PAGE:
By Lisa Wade Raasch
You know what’s scarier than all the ghouls, witches, zombies and Honey Boo Boo wannabes that will fill Muskogee streets on Halloween? It’s the super-sized haul of candy and junk our little monsters, princesses and super heroes may eat as a result of all the trick-or-treating and parties.
The immediate, sugar-induced, bouncing-off-the-walls hyperactivity of otherwise well-mannered kids can be more than a little scary. But more frightening is the long-term effects of how the traditional Halloween-hype can fuel our nation’s childhood obesity epidemic.
But, before you start thinking I’m a Halloween killjoy, there’s a healthy side to Halloween, too.
This is the one night a year when you actually see kids out walking through neighborhoods with friends and families. Kids, outside, walking, having fun, being active … now THAT is a great treat.
It’s the activity and the fun, not the sugary snacks, that is the real treat of Halloween that we could try to incorporate more into our everyday lives.
Halloween is spooky, but childhood obesity is downright frightening.
Last week, Muskogee Wellness Initiative teamed up with Muskogee Public Schools and Muskogee County Food and Fitness Initiative to screen an episode of HBO’s “The Weight of the Nation” documentary series at Sadler Arts Academy.
The screening and following panel discussion made it clear that our nation and our community face seriously scary consequences of the rapidly expanding obesity epidemic.
Obesity contributes to five of the leading causes of death in our country andcosts the nation about $190 billion in related health care costs each year. That’s scary.
Obese children too often become young adults who are diagnosed with Type 2 diabetes or cardiovascular problems, or both. That’s frightening.
This generation of children is the first expected to live shorter lives than their parents, due largely to poor nutrition and inactivity. That’s terrifying.
The film and the local panel of experts encouraged replacing sugary or high-fat foods with nutritious fruits and vegetables, getting more exercise, reducing portion sizes and cutting out sugary drinks. (View the full list of panelist recommendations at muskogeewellness.org)
Why not start by making healthy alternatives available for kids this Halloween?
Apples, clementines, air-popped popcorn, raisins, yogurt in a tube, sunflower seeds, almonds, granola, and pretzels all beat plastic-tasting sugary snacks and candy bars as health-conscious treats.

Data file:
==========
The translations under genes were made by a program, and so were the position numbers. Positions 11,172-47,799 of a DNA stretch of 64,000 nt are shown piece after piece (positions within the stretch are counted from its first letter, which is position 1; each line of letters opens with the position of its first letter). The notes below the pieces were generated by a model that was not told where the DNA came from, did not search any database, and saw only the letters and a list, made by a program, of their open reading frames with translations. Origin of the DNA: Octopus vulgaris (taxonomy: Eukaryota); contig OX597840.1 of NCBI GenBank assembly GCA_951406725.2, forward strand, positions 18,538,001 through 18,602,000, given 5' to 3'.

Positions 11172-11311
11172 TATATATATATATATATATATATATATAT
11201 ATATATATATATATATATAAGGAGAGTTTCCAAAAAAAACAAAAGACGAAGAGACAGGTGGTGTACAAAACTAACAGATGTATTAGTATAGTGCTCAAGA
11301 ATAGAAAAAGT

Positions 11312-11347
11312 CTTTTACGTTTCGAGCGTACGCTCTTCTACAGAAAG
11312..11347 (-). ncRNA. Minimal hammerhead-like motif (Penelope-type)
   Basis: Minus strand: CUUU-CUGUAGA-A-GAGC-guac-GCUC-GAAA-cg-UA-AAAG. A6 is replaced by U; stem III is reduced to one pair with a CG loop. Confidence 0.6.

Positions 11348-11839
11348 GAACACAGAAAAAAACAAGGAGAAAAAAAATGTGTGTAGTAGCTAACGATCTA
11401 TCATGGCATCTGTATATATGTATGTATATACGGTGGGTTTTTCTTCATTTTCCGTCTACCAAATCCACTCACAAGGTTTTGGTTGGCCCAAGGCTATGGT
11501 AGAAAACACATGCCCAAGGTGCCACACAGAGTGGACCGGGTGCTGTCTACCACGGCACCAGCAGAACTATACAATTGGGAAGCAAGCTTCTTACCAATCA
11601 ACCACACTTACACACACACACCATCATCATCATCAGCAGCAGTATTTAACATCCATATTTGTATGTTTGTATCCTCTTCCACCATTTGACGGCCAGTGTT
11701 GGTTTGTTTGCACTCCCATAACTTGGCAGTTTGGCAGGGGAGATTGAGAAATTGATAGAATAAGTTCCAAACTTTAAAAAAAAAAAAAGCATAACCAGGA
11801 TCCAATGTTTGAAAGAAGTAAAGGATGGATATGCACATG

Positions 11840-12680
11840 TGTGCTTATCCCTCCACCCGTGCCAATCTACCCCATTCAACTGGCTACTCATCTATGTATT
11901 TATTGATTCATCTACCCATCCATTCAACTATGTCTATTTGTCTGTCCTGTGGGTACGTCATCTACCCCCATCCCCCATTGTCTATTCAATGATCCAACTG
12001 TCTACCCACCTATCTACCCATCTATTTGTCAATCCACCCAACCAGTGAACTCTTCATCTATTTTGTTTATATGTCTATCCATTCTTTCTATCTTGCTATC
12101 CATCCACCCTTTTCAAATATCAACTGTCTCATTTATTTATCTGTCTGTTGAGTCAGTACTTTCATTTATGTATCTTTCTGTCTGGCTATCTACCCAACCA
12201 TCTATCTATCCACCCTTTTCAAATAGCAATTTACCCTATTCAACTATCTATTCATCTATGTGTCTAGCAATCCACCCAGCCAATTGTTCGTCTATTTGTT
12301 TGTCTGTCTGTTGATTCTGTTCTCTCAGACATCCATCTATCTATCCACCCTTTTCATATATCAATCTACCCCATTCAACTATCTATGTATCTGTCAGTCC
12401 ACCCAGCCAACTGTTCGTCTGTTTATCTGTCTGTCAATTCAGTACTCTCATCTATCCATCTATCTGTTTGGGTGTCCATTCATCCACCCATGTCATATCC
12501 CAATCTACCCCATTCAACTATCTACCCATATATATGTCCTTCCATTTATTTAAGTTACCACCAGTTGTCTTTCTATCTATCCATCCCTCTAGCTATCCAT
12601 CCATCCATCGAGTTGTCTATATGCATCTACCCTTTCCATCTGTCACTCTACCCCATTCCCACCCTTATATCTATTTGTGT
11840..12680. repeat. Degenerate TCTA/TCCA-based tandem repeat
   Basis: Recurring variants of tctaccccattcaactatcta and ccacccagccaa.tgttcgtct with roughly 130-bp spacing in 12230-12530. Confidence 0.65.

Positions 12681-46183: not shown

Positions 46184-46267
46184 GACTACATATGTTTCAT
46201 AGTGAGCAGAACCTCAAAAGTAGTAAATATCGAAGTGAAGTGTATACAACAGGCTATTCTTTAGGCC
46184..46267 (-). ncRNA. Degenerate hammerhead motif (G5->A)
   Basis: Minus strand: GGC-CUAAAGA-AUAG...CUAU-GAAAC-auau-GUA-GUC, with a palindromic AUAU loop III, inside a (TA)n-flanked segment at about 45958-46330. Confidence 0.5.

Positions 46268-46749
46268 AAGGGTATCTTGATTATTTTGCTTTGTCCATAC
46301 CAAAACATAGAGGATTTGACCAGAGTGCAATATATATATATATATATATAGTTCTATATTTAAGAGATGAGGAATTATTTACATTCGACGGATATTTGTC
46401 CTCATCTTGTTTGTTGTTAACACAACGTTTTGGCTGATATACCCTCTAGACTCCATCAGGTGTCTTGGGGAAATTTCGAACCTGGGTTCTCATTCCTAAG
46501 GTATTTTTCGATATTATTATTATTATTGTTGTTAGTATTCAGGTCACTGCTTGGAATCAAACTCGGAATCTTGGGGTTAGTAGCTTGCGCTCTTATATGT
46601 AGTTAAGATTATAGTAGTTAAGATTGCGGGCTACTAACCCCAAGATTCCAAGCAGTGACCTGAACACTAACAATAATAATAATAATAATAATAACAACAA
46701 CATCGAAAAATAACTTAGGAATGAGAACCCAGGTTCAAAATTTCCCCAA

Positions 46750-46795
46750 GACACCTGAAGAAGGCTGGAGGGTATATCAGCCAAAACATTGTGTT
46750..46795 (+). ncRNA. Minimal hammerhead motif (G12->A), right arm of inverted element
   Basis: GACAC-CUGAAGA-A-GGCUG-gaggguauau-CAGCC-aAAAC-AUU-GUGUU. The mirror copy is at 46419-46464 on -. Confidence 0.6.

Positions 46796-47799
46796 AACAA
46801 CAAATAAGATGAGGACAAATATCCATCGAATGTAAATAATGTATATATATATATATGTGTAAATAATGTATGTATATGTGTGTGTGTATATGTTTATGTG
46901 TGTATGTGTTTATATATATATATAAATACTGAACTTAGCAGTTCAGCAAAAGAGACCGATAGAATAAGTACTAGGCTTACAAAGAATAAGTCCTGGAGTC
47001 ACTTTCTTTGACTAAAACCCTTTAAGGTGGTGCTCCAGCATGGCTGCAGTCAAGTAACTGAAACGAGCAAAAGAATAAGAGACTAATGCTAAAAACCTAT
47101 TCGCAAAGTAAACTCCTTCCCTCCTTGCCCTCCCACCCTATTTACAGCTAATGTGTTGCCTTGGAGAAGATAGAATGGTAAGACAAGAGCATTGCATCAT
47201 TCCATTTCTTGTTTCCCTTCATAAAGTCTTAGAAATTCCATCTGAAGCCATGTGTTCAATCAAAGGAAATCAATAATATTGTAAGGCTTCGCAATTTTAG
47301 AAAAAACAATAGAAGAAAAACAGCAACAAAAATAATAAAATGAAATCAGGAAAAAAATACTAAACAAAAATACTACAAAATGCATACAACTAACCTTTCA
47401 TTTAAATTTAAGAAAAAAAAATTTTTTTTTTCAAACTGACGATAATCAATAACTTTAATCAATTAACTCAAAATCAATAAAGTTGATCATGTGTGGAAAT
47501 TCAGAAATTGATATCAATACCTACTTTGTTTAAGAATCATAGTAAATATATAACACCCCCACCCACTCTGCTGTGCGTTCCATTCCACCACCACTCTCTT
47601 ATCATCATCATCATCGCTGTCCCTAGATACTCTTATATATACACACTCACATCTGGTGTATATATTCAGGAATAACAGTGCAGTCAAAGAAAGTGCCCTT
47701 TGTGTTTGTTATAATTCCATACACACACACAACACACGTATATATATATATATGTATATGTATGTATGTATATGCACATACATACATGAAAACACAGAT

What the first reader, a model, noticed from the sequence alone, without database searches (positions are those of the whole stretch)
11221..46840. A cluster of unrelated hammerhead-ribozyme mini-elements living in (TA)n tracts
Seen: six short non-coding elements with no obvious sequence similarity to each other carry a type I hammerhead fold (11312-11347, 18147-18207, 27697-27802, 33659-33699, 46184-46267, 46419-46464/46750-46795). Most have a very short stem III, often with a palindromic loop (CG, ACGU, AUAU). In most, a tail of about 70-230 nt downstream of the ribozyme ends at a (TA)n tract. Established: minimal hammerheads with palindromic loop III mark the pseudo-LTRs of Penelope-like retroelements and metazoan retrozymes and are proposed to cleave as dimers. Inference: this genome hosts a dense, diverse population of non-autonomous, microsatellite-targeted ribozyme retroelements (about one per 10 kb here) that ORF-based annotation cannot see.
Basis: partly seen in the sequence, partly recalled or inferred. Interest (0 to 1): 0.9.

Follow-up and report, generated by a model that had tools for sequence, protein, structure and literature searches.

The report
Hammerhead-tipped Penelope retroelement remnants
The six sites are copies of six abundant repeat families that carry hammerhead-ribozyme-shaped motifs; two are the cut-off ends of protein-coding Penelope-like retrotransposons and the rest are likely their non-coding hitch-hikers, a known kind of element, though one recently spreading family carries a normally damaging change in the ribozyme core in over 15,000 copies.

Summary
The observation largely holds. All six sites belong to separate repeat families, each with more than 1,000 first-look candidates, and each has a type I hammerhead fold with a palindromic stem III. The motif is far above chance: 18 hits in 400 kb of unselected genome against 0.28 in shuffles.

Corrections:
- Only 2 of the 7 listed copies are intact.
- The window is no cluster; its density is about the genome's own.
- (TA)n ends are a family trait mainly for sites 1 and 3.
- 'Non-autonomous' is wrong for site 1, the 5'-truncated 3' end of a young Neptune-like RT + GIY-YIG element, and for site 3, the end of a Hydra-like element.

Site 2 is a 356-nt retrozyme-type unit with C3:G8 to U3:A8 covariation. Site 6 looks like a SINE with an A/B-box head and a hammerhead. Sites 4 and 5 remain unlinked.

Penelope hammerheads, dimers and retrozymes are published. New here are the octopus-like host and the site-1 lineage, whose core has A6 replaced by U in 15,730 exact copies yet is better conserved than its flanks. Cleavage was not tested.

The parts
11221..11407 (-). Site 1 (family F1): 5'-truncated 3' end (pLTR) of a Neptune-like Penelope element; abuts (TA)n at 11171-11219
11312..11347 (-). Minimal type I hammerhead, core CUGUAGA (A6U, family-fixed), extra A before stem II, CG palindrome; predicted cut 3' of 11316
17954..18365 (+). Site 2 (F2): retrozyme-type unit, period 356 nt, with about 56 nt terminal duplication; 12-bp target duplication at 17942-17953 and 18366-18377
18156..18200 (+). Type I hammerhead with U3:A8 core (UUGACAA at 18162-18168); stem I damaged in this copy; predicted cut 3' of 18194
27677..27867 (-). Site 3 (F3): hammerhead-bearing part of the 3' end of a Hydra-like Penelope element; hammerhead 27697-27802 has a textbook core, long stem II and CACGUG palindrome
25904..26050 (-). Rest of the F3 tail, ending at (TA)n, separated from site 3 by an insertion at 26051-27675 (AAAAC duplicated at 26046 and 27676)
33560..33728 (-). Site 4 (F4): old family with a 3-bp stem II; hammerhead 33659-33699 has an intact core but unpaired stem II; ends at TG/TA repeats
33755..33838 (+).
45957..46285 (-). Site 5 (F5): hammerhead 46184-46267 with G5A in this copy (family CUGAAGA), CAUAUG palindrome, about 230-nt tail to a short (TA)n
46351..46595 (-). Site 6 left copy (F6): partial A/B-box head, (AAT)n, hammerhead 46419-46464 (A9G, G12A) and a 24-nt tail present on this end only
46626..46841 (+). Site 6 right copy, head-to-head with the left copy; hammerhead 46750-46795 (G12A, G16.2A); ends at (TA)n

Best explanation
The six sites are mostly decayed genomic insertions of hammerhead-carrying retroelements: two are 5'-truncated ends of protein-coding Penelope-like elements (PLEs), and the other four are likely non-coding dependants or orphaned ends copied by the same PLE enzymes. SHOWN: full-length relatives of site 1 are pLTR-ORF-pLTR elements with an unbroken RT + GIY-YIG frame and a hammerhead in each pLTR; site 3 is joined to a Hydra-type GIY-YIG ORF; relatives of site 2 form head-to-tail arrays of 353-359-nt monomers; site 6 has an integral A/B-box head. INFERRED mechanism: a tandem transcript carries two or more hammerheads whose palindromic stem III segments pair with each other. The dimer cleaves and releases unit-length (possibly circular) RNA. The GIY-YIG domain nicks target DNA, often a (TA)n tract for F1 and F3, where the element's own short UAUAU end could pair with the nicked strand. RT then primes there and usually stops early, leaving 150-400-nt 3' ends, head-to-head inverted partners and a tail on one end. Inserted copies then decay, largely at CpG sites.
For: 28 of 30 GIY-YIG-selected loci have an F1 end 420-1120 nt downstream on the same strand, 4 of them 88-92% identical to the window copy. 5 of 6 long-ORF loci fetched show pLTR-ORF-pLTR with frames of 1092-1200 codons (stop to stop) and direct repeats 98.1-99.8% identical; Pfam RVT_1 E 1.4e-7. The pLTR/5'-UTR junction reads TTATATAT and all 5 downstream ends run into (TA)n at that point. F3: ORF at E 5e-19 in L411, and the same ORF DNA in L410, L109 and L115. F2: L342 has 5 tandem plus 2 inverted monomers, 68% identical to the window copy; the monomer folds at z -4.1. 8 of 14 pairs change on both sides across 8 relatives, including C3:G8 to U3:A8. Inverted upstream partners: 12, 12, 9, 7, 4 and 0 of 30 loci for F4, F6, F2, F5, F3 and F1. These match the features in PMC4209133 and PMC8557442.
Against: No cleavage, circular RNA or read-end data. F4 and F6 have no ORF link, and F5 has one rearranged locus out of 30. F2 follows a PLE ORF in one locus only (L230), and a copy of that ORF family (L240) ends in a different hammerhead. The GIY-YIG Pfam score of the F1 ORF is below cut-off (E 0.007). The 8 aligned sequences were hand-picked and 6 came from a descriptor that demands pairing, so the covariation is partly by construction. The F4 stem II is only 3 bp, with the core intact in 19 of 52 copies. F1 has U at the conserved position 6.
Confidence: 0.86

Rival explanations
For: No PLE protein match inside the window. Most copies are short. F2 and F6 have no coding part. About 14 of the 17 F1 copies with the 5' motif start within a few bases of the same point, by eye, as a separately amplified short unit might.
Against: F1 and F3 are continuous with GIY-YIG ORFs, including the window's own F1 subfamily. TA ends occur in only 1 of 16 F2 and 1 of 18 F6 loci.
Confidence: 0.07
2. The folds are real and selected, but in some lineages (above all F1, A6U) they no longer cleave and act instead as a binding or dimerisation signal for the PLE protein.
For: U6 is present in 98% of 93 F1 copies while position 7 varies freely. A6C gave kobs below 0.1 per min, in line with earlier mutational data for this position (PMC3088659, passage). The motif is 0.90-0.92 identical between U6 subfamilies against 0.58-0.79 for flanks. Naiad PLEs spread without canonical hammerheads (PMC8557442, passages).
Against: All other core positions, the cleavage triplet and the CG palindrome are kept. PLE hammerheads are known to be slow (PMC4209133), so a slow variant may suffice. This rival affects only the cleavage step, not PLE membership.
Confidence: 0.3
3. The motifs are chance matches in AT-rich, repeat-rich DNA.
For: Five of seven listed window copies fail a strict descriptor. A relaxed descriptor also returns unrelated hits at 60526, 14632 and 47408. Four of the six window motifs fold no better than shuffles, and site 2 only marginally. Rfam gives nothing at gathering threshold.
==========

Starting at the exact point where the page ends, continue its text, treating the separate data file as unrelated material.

Or, consider non-food treats. Stickers, bubbles, pencils, games, erasers, temporary tattoos and books could trick a kid into not missing the sugary stuff.
Walk the neighborhoods. Considering hitting up every other house with a glowing porch light. For Halloween parties, dance to “Monster Mash” or “Thriller” to burn off energy and show off funky or frightening moves.
When thinking about Halloween drinks, please consider water. For adults, 46 percent of the added sugar in our diet comes from sugary drinks. For kids who drink pop, four sodas equates to 25-30 percent of their daily calorie needs, with absolutely no nutritional value or hunger fighting properties.
A strong recommendation given in “The Weight of the Nation” film and by our own panel of experts: Cut out pop and other sugary drinks and opt for water instead.
Finally, just because kids haul home a coffin-load of candy doesn’t mean they have to eat it all. Let them chose a few of their favorite treats and get rid of the rest
For kids 12 and younger, consider getting “Cash for Candy” at the dentist office of Dr. David Jones, 510 N. York St., in Muskogee. On Thursday, Nov. 1 from 3 to 6 p.m., kids will receive $1 for each pound of candy they sell back and a goody bag filled with non-candy items, like toothbrushes and coupons for fun activities like bowling and skating.
Now in it’s sixth year, office manager Debra Jones said that the “Cash for Candy” program nets an average of seven pounds of candy per child to donate to Blue Star Mothers, which then sends it to troops stationed overseas.
Let’s maximize the healthy, fun and active side of Halloween, while minimizing the sugar-coated side that can do a real scary trick on our kids’ health.
Lisa Wade Raasch coordinates the City of Muskogee Wellness Initiative and directs the EOK Health Care Coalition. Connect online at www.face-